Reuters: How Yemen’s Wartime Central Bank Keeps Country Afloat
As civil war engulfs Yemen, the Central Bank of Yemen (CBY) is so committed to staying neutral that it pays salaries of soldiers on both sides.The bank distributes money to public-sector workers in all areas under attack; however, the areas under Saudi mercenaries or Ansarullah control. Also CBY guarantees payments for vital grain and flour imports.
“Central banks play an important role in many economies but in Yemen, which has been plagued by a war for more than a year, it is keeping the country from financial collapse and the population from running out of food,” Reuters reported last week.
CBY is based in the capital Sana’a, which isn’t even controlled by Hadi government, represents the last bastion of the financial system in the impoverished country and is effectively running the economy, according to central bank officials, foreign diplomats and Yemeni political sources on both sides of the war.
Reuters’ sources said “Its independence is not just an institutional need; to safeguard imports and forestall a looming famine, international lenders and traders must have confidence in the bank’s ability to manage Yemen’s riyal currency and foreign exchange reserves free of political interference.”
The country relies on imports for 90 percent of its food, but shipments have been falling since the war began; 21 million out of its 28 million people need some form of humanitarian aid and over half the population suffer from malnutrition, according to the report.
“It’s fair to say the central bank is certainly serious about being neutral in a very difficult political and security setting, and it has been to a large extent successful in maintaining basic financial stability throughout the conflict,” said the IMF Mission Chief for Yemen, Albert Jaeger.
The bank also sends money to the port of Aden – declared the “temporary capital” by the government – to pay doctors, teachers and some soldiers in Hadi government-run areas in southern and eastern Yemen, the CBY sources, diplomats and political sources said.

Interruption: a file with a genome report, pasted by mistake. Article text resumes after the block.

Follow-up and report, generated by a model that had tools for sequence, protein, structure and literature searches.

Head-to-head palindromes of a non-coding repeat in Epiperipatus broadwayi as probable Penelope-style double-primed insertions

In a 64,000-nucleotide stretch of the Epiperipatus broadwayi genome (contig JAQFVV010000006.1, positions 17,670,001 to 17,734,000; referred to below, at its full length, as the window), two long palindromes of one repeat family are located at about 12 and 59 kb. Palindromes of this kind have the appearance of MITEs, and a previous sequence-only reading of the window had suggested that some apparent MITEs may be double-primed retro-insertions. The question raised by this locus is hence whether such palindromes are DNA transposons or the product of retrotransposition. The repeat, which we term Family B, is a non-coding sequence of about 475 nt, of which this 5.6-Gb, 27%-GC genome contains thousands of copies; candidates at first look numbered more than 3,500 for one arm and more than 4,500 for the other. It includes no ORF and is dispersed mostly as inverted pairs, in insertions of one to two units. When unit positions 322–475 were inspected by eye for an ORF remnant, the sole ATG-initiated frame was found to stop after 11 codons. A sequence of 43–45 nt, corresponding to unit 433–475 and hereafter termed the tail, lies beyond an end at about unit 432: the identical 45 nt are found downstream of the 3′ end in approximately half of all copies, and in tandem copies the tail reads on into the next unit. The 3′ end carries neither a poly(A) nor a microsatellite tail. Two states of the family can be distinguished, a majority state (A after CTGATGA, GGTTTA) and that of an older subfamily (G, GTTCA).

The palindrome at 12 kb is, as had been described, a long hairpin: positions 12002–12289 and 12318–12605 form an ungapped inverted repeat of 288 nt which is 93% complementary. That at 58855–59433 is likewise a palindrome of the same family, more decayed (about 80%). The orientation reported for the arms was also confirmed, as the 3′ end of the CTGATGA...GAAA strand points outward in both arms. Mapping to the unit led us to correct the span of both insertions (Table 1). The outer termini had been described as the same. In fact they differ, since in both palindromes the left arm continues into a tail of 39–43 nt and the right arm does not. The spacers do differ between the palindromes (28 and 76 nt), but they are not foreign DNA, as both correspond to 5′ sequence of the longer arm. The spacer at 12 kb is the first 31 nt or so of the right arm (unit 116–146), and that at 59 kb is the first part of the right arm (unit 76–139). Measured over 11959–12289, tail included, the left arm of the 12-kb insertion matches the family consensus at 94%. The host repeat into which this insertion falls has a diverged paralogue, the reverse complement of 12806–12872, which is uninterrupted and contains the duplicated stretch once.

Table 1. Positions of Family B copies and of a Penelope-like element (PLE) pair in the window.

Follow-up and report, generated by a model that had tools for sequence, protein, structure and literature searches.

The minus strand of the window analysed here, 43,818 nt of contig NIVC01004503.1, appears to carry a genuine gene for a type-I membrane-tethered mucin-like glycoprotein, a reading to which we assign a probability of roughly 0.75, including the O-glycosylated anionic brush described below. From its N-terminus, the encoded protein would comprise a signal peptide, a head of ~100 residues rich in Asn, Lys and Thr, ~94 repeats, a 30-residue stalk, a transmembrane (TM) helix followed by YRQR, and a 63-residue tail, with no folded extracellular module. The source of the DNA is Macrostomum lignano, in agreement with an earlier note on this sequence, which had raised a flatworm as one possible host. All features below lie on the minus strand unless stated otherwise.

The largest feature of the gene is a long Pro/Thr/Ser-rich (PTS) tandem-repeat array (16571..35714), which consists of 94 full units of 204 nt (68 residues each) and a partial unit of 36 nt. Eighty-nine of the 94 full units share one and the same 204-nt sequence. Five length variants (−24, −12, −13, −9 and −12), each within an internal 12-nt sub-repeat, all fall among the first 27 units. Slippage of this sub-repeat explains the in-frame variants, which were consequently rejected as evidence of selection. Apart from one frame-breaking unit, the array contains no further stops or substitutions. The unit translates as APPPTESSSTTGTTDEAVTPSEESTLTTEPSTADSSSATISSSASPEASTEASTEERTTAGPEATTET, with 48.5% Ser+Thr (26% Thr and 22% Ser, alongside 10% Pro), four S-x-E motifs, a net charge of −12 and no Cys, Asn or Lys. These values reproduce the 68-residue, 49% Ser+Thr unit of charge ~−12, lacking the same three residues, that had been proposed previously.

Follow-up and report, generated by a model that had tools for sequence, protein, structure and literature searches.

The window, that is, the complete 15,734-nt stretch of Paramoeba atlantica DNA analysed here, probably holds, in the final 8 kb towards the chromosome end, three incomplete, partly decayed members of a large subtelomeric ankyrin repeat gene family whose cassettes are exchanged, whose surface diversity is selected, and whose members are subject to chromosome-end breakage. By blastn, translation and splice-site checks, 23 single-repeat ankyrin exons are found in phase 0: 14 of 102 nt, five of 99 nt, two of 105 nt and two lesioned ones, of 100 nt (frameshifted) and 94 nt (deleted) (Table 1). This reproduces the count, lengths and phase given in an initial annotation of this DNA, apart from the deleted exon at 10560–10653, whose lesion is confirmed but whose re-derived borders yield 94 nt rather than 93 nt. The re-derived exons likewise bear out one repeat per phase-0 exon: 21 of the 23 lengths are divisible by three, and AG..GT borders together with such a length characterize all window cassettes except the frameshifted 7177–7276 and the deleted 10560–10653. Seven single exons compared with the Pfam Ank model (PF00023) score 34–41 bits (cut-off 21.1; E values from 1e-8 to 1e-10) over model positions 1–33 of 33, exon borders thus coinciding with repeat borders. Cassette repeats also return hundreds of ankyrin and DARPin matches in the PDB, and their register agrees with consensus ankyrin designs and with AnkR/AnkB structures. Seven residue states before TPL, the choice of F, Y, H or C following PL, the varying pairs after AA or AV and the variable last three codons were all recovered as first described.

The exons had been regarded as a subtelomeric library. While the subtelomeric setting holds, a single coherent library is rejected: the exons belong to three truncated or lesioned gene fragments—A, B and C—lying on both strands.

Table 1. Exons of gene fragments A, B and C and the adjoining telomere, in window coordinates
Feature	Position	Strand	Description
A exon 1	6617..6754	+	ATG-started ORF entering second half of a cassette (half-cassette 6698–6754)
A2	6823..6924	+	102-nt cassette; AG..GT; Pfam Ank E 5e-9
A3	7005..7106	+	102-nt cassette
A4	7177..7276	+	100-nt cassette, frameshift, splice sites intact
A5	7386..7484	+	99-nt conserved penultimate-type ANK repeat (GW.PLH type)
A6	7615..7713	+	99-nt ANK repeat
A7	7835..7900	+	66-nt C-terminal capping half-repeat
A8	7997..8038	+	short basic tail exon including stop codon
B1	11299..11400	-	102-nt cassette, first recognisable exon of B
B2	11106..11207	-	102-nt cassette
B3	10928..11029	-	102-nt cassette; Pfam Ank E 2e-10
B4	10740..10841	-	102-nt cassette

Though no civilian flights fly the same route, every few weeks a plane from state airline Yemenia flies several million dollars in riyals from the central bank in Sana’a to Aden in the south, they added.
Central bank sources declined to be named as they are not authorized to speak publicly. A spokesman for the central bank said it had decided not to conduct interviews during the crisis.
The diplomats and political sources also asked to remain anonymous, citing the sensitivity of the situation.
The report pointed out that much of the credit for the central bank’s survival lies with Mohammed Bin Humam, its 69-year-old governor who has cordial ties to both sides in the civil war.
When the Gulf Arab alliance intervened in Yemen, Hadi and many of his ministers fled to luxury guesthouses in Riyad, Bin Humam stayed in Sana’a.
According to Reuters, diplomats and central bank officials say an unwritten “economic truce” was agreed between the warring sides by which the CBY would remain free of political interference to avert economic collapse.
When government forces retook Aden from Houthi forces in July 2015 and Hadi pledged to set up a temporary capital there, uncertainty spread over whether the CBY would shift base. Bin Humam then suddenly left Sana’a.
“In Sana’a people thought he defected,” a senior Yemeni security official told Reuters.
“He travelled to Saudi Arabia and met government officials there. He received guarantees that the neutrality of the bank would still be respected. Then when he returned, they greeted him like a hero.”
Despite efforts to shore up the economy, the central bank may be running out of options.
Yemen faced daunting economic challenges even before the war, but had one saving grace: oil. Its energy industry accounted for 80 percent of its state budget and nearly half of the inflow of foreign currency.
But exports stopped over a year ago and foreign companies have pulled out; the country’s largest oil export terminal was only wrested back by the government from al Qaeda fighters in late April and its main natural gas port is still in territory under the sway of the militants.
With little means of replenishing its foreign exchange reserves, the central bank has burned through its dollars to pay for imports and keep up Yemen’s foreign debt obligations.
The reserves have fallen to around $1.1 billion from $4.7 billion at the end of 2014. The IMF put them at well below two months’ of imports, which it told Reuters was “very, very low”.
“Economic collapse is a genuine, imminent threat,” a European diplomat said to Reuters, adding that only a swift peace deal in floundering U.N.-backed talks in Kuwait may forestall disaster.
source: Al-Thawra Net
- Jun 24, 2016